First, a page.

Intel Delays $200 Billion Decision on New Fab Sites

(Image credit: Intel)

Intel has delayed its decision for its new multi-billion chip manufacturing sites in Europe and the U.S. until 2022. The delay will have little impact on an industry that cannot meet the demand for its products now, but it emphasizes the complexity of these decisions.

Intel hoped to announce the next locations in the United States and Europe early next year, which Reuters quotes chief executive Pat Gelsinger as saying at a press conference dedicated to a new chip packaging facility in Malaysia.   

When Intel announced its IDM 2.0 strategy early this year to increase the scale of its semiconductor manufacturing beyond its own products and become a competitive foundry player, Intel needed to build several new production facilities, including several brand-new sites in Europe and the U.S.

These sites, which will cost up to $200 billion, were meant to be unveiled by the end of 2021, but Intel delayed its decisions for unknown reasons and now plans to make the announcements in early 2022. 'Early 2022' is quite vague and could mean any date between January and April. 

This year Intel broke ground on two new semiconductor production facilities — Fab 52 and Fab 62 — at its Ocotillo camp near Chandler, Arizona. These fabs will cost around $20 billion and enhance the production capacity of an already existing site. But building additional fabs on a well-established site and establishing a brand-new site are two very different things.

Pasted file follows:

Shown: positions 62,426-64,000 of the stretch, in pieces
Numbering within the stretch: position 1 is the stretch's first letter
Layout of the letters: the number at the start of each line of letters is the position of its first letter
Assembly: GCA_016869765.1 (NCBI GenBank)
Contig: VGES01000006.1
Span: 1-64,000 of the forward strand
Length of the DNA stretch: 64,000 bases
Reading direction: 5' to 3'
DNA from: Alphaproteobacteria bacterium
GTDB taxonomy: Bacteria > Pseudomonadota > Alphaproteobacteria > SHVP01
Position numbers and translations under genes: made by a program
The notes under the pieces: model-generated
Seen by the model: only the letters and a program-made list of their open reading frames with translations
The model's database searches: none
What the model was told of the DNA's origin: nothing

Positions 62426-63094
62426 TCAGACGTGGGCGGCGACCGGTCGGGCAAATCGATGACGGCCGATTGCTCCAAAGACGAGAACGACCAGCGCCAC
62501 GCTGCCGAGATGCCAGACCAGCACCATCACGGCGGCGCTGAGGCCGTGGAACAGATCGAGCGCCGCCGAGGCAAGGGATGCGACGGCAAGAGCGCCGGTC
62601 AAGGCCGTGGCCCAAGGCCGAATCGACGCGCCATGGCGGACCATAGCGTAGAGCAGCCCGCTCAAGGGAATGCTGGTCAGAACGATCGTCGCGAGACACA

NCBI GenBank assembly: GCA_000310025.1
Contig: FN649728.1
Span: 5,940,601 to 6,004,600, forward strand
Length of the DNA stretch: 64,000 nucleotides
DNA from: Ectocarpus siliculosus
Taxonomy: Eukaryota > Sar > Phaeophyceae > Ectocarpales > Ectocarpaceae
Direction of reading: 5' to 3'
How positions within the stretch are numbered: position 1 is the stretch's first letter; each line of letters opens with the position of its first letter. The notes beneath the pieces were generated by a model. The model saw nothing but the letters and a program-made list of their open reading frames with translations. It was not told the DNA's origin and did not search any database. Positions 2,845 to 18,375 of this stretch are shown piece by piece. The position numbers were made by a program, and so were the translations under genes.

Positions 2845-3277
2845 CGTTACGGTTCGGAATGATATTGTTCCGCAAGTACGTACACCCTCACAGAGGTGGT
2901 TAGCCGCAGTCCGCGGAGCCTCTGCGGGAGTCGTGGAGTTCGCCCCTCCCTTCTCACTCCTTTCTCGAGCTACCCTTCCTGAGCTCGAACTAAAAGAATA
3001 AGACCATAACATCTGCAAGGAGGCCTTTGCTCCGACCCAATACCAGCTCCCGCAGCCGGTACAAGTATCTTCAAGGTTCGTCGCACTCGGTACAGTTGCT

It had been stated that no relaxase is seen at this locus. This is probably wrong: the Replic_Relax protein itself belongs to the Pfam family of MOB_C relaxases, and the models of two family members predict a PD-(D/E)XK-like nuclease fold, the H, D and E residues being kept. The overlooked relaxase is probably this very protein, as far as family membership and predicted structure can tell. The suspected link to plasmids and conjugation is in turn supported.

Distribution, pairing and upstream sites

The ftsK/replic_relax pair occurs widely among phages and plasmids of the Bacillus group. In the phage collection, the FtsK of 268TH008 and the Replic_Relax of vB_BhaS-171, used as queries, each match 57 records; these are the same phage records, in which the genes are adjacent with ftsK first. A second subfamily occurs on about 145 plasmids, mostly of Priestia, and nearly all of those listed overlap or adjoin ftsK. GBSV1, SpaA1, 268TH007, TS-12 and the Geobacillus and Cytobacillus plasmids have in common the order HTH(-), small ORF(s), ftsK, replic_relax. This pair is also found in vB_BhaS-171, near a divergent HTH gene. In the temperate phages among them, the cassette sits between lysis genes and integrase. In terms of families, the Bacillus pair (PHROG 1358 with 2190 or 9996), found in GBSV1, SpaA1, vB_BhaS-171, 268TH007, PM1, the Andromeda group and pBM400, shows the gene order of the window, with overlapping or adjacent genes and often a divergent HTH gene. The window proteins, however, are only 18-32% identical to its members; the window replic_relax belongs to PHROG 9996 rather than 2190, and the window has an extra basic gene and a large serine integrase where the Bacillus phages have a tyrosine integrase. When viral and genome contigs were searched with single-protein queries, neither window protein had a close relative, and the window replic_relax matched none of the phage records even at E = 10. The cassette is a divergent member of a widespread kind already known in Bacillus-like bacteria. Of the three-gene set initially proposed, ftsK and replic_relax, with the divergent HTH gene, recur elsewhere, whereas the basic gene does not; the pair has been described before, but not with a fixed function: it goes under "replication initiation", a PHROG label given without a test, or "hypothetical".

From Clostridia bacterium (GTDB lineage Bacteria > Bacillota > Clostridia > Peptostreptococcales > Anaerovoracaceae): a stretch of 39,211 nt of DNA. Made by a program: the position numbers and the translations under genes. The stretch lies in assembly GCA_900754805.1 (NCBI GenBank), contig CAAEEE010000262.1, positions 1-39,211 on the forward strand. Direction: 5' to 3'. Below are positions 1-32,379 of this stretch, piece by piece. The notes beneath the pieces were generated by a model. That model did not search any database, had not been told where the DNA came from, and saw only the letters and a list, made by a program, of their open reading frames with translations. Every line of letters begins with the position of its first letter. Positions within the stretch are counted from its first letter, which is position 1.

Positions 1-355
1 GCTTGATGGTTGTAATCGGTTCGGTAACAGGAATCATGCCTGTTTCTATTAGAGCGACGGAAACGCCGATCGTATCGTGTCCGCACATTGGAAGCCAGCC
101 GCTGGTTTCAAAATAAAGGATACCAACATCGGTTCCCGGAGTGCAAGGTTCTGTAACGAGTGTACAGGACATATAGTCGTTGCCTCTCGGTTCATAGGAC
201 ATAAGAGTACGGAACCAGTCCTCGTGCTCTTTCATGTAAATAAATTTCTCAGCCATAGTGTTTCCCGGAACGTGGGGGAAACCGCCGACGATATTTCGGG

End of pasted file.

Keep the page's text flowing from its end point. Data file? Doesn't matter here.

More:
Intel admitted earlier this year that its brand-new small city-sized fab complex in the U.S. would cost $60 to $120 billion. The site will eventually host between six and eight fab modules that will make chips using its leading-edge nodes and package them using Intel's proprietary technologies like EMIB and Foveros. 

Intel's plans for European fabs look very similar. The company wants to establish a new site in mainland Europe, build a $20 billion fab there and then construct additional modules, increasing total investments to around $100 billion over time. 

Planning fab sites that will require $100 billion in funding over a decade is complex. Intel needs to build its new manufacturing facilities on land with access to communications and talent, which essentially means proximity to big cities. Furthermore, Intel is looking forward to getting subsidies and incentives from federal and local governments over many years, and fab modules and persuading authorities is hard.  

The brand-new large manufacturing sites are important for Intel and its foundry business as they will enable the company to scale its production capacities in TSMC's manner — relatively quickly and predictably. Yet, the amount of negotiations, considerations, preparations, and arrangements for such fab complexes is incredible, which likely factors into why Intel delayed the decisions and announcements until 2022.

Anton Shilov
Freelance News Writer

Anton Shilov is a Freelance News Writer at Tom’s Hardware US. Over the past couple of decades, he has covered everything from CPUs and GPUs to supercomputers and from modern process technologies and latest fab tools to high-tech industry trends.